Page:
"I don't believe it." Debbie Sue rose on her tiptoes and swiped Windex off the top of her mirror.

"Well, believe it, girl. I heard Harley's brother at the Kwik-Stop tell Marsha while she rung up his coffee. She didn't come home last night."

The fact that she and Edwina could read each other's thoughts and carry on gossip without using names came from living a lifetime in the same town, knowing the same people and places and recycling the same rumors year after year. "Humph. Just because she didn't come home doesn't mean she's gone. She could be shacked up somewhere."

Edwina gave her a flat look. "With Harley in town? I don't think so."

Edwina's smoldering cigarette was searing a brand onto the teal Formica counter. Debbie Sue glowered at it and doused it with a squirt of Windex. "Cri-ma-nee, Ed, you're gonna set this place on fire."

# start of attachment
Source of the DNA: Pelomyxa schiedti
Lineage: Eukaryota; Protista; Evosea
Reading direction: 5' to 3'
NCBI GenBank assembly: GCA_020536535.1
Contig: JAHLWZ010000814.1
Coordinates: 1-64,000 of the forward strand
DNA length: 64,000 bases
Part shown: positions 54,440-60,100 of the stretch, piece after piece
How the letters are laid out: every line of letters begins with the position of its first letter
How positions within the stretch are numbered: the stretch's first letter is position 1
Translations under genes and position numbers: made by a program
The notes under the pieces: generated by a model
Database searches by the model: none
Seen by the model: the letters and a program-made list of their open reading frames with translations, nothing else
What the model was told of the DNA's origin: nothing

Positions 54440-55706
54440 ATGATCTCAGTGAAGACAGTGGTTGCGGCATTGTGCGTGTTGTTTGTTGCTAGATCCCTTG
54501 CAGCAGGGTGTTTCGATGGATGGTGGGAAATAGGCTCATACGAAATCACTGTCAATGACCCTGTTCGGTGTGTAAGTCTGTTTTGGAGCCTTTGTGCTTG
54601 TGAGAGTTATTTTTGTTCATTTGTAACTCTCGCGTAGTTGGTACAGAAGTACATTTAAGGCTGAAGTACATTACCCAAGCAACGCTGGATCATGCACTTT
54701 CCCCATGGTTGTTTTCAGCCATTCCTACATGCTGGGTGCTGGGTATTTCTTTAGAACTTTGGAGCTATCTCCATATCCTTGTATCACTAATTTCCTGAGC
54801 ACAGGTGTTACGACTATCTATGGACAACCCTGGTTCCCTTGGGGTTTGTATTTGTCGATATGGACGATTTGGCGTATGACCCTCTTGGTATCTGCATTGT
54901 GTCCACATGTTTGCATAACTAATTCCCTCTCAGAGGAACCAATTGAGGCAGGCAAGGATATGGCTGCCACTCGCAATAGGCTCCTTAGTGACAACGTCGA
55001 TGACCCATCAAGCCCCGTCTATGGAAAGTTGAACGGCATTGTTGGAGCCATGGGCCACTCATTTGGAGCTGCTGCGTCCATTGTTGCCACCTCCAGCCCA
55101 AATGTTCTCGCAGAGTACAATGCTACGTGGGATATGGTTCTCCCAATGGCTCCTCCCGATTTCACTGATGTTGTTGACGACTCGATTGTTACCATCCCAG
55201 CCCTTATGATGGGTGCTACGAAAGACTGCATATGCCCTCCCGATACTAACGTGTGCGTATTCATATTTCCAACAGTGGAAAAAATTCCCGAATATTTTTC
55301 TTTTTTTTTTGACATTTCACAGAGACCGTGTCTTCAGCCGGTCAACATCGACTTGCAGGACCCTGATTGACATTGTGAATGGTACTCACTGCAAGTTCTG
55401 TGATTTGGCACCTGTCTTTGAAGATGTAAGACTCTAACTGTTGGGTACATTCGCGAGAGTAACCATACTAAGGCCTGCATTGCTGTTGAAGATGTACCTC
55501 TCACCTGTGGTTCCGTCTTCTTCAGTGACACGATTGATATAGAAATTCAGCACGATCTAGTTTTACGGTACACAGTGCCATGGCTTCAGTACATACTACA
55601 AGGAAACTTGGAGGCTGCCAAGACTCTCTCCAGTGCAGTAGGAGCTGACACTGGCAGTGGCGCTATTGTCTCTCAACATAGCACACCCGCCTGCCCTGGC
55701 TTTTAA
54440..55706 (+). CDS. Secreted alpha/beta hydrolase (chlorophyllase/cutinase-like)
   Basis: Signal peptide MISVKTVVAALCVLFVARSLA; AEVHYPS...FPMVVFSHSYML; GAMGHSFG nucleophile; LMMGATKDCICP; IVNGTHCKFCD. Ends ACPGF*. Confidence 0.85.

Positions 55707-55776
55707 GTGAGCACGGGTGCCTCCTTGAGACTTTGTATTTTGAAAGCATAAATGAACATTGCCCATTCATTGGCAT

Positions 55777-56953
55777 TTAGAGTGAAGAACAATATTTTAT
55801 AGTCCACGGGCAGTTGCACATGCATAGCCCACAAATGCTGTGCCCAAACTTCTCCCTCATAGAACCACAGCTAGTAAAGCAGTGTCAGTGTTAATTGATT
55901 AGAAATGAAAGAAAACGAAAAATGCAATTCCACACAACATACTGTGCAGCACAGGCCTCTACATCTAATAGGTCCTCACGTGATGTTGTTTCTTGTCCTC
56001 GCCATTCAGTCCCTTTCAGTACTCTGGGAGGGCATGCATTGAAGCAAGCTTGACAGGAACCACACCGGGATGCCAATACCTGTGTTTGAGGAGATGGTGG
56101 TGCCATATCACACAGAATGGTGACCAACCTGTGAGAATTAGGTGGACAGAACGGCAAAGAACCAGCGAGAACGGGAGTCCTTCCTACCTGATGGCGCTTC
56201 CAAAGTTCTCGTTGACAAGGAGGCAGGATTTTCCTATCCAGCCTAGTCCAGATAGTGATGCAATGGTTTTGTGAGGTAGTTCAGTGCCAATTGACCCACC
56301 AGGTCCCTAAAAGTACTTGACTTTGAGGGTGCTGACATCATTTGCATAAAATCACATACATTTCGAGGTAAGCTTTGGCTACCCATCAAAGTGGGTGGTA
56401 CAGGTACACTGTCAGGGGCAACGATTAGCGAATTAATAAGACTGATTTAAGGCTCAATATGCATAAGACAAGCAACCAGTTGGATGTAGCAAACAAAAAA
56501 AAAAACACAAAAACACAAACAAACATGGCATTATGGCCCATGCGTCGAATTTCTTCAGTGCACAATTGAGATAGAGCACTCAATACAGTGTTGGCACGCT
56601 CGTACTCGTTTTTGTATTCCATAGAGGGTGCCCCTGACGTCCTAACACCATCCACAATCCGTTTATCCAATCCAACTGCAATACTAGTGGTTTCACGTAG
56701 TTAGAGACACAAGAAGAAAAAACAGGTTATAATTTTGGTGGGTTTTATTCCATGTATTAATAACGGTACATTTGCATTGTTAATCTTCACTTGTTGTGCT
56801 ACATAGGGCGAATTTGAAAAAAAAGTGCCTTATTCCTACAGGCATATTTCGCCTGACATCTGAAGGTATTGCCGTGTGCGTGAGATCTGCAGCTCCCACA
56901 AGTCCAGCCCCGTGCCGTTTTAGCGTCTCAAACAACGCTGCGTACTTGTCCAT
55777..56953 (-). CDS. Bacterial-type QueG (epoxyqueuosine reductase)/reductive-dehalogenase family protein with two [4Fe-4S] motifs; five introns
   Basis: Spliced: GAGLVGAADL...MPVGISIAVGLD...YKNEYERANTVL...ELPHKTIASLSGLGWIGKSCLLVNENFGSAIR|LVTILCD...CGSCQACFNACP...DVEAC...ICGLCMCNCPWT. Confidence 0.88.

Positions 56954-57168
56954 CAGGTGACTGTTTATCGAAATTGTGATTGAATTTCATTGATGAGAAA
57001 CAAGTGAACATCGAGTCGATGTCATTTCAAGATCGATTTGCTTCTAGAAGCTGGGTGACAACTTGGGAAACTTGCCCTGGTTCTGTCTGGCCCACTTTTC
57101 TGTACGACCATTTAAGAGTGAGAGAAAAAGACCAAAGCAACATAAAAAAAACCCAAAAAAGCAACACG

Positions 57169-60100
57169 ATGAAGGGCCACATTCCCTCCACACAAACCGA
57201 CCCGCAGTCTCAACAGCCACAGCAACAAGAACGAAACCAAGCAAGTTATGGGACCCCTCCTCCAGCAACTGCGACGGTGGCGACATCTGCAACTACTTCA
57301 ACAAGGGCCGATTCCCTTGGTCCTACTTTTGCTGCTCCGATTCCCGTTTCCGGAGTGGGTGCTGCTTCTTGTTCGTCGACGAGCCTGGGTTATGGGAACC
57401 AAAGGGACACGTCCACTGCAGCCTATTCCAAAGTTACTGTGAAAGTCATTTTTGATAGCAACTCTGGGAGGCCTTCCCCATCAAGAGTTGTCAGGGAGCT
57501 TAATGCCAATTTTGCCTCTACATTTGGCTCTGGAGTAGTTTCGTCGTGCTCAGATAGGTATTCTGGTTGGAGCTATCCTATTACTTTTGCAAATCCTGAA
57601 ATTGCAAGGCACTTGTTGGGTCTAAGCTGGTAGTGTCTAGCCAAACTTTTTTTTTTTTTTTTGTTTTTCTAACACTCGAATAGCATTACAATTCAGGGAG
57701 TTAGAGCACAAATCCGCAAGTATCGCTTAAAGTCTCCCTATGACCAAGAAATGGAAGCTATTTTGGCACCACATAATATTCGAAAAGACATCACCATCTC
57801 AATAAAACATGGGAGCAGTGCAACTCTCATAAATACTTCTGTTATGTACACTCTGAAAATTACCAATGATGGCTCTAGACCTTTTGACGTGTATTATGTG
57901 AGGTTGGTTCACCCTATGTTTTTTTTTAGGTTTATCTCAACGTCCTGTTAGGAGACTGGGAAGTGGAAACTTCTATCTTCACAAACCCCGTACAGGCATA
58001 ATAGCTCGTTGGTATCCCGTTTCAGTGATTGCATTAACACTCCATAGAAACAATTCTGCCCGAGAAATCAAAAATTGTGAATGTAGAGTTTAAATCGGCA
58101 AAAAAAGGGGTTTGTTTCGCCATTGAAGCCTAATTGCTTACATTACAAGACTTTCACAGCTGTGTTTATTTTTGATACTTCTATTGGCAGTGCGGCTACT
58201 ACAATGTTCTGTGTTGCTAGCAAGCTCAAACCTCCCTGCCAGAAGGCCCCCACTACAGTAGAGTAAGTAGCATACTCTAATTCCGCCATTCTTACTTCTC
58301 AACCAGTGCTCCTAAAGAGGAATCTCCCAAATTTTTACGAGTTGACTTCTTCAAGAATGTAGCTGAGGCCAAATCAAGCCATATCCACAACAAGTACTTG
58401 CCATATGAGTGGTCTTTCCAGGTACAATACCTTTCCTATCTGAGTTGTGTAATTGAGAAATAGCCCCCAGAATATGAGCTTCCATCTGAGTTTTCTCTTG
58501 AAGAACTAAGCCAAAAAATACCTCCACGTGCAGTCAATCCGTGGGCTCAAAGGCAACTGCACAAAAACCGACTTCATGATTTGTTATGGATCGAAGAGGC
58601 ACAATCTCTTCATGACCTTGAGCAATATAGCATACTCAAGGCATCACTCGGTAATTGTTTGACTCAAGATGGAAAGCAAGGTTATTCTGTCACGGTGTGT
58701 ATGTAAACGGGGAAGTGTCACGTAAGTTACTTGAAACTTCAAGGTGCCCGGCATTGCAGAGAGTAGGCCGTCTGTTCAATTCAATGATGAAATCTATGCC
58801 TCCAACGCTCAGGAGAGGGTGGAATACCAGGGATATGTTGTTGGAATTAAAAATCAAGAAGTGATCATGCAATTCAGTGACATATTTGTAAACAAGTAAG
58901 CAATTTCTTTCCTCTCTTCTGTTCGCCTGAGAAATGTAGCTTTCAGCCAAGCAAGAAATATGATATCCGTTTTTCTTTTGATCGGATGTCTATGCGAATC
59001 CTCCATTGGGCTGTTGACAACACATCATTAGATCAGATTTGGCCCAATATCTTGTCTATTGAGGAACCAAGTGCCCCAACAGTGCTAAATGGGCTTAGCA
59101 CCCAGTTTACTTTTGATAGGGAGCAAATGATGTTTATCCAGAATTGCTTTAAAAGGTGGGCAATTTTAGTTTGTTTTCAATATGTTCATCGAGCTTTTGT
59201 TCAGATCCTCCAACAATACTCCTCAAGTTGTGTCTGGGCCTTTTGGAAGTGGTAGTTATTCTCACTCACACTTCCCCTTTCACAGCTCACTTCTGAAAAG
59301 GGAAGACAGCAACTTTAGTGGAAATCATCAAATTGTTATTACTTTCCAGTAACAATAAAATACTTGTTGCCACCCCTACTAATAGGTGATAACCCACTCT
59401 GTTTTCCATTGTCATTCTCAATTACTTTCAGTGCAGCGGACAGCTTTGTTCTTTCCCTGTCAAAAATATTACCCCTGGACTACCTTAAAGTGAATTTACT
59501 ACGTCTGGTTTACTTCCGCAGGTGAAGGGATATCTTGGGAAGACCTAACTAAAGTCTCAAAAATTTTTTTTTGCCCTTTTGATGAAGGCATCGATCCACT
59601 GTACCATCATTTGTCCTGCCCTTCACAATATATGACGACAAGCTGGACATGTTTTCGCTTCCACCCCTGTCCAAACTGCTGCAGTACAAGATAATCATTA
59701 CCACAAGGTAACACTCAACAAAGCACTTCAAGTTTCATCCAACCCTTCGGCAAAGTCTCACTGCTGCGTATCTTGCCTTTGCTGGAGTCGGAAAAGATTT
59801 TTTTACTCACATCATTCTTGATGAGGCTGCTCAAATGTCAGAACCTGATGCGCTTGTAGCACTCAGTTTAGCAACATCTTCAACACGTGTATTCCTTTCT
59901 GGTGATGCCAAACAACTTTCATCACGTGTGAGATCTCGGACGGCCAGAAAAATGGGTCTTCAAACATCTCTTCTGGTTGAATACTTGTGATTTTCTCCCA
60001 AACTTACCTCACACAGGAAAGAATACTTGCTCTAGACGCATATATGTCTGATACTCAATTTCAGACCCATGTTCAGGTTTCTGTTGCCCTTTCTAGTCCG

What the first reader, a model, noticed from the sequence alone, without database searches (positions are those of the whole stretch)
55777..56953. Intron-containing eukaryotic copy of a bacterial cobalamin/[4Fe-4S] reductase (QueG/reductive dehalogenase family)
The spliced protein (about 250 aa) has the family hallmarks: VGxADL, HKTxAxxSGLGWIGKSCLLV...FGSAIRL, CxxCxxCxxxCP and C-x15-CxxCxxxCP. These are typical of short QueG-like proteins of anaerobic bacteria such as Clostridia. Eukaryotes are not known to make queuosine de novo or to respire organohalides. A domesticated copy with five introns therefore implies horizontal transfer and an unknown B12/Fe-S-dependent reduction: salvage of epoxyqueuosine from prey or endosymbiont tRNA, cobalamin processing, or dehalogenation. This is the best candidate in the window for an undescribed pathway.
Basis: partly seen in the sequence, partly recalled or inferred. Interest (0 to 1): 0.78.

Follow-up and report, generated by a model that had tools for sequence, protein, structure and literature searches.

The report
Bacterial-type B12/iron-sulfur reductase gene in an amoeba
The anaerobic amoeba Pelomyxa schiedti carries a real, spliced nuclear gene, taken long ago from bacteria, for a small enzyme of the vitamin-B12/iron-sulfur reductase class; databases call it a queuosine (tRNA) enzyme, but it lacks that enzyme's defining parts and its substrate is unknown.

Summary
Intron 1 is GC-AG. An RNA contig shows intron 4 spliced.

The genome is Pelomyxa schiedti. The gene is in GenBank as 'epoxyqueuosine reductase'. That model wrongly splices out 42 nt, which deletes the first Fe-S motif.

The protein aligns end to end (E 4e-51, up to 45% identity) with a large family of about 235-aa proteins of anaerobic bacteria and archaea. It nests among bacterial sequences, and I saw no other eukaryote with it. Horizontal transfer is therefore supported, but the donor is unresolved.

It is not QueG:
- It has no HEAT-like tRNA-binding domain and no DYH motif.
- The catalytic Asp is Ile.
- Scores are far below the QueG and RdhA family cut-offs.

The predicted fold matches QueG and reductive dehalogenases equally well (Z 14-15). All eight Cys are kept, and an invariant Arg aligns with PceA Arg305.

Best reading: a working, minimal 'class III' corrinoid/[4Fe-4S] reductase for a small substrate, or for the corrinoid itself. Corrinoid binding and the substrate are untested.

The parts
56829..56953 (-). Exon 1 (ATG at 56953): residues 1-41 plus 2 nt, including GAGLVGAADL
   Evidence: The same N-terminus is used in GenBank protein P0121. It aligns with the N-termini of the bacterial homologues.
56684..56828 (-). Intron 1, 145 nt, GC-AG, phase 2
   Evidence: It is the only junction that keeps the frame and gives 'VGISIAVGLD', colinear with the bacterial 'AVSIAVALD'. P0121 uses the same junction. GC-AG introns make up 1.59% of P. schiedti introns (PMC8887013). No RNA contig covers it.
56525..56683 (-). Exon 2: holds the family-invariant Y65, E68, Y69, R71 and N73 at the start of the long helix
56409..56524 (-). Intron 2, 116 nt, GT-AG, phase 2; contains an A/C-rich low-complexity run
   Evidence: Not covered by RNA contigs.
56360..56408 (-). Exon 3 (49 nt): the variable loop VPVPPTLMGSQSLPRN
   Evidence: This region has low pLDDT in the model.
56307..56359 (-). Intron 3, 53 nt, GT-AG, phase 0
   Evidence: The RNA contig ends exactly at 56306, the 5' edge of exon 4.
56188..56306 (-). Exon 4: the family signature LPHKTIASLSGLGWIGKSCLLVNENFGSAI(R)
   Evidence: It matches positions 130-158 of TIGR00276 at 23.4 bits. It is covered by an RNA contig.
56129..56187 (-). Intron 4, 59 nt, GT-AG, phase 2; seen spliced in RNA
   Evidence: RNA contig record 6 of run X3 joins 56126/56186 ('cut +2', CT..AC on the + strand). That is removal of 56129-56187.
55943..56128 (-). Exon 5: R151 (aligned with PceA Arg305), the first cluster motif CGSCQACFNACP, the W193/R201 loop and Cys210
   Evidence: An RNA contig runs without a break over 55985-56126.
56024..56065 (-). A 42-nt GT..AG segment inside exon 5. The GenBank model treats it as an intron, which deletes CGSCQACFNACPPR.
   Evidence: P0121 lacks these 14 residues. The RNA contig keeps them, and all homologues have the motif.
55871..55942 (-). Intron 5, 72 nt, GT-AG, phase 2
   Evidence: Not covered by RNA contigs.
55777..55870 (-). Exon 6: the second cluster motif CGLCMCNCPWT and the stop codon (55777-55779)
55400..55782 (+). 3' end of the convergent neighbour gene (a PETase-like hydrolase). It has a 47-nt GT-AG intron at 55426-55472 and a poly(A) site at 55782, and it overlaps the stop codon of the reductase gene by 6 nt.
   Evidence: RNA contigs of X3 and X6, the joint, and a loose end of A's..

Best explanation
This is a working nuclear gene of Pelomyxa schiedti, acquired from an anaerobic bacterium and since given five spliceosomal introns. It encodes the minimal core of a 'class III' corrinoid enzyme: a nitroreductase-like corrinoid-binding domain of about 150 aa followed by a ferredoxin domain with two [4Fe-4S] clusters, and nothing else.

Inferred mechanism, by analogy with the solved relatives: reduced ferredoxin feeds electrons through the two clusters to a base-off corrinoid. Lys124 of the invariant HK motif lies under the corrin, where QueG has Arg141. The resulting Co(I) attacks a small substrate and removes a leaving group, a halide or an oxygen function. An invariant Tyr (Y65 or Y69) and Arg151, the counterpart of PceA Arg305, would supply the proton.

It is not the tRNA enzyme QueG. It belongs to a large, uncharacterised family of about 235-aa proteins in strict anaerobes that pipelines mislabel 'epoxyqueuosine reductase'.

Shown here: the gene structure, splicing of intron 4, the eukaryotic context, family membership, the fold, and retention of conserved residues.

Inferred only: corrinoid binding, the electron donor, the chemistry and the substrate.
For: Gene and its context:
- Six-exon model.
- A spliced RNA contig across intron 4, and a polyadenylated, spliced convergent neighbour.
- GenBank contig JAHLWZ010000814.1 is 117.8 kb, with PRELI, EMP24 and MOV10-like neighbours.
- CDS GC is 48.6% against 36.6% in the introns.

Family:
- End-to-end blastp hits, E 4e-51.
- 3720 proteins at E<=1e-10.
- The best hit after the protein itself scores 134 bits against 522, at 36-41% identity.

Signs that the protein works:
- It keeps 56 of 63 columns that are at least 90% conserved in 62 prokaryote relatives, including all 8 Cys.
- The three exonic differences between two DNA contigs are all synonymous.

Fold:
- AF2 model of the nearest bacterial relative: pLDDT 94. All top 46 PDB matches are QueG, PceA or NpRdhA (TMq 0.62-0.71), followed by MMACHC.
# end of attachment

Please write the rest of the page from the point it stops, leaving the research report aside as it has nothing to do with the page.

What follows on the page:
"Hey, I might've won the bet." Edwina ignored both the reprimand and her extinguished smoke and rummaged in her tray of permanent wave rods and brightly colored curlers. She came up with a folded paper on which a wagering grid had been drawn. The Styling Station's faithful customers had maintained a pool, betting exactly when Pearl Ann Carruthers would finally leave her husband ...

Since You're Leaving Anyway, Take Out the Trash. Copyright © by Dixie Cash. Reprinted by permission of HarperCollins Publishers, Inc. All rights reserved. Available now wherever books are sold.

Meet the Author

Dixie Cash is Pam Cumbie and her sister, Jeffery McClanahan. They grew up in rural West Texas among "real life fictional characters" and 100 percent real cowboys and cowgirls. Some were relatives and some weren't. Pam has always had a zany sense of humor and Jeffery has always had a dry wit. Surrounded by country western music, when they can stop laughing long enough, they work together creating hilarity on paper. Both live in Texas—Pam in the Fort Worth/Dallas Metroplex and Jeffery in a small town near Fort Worth.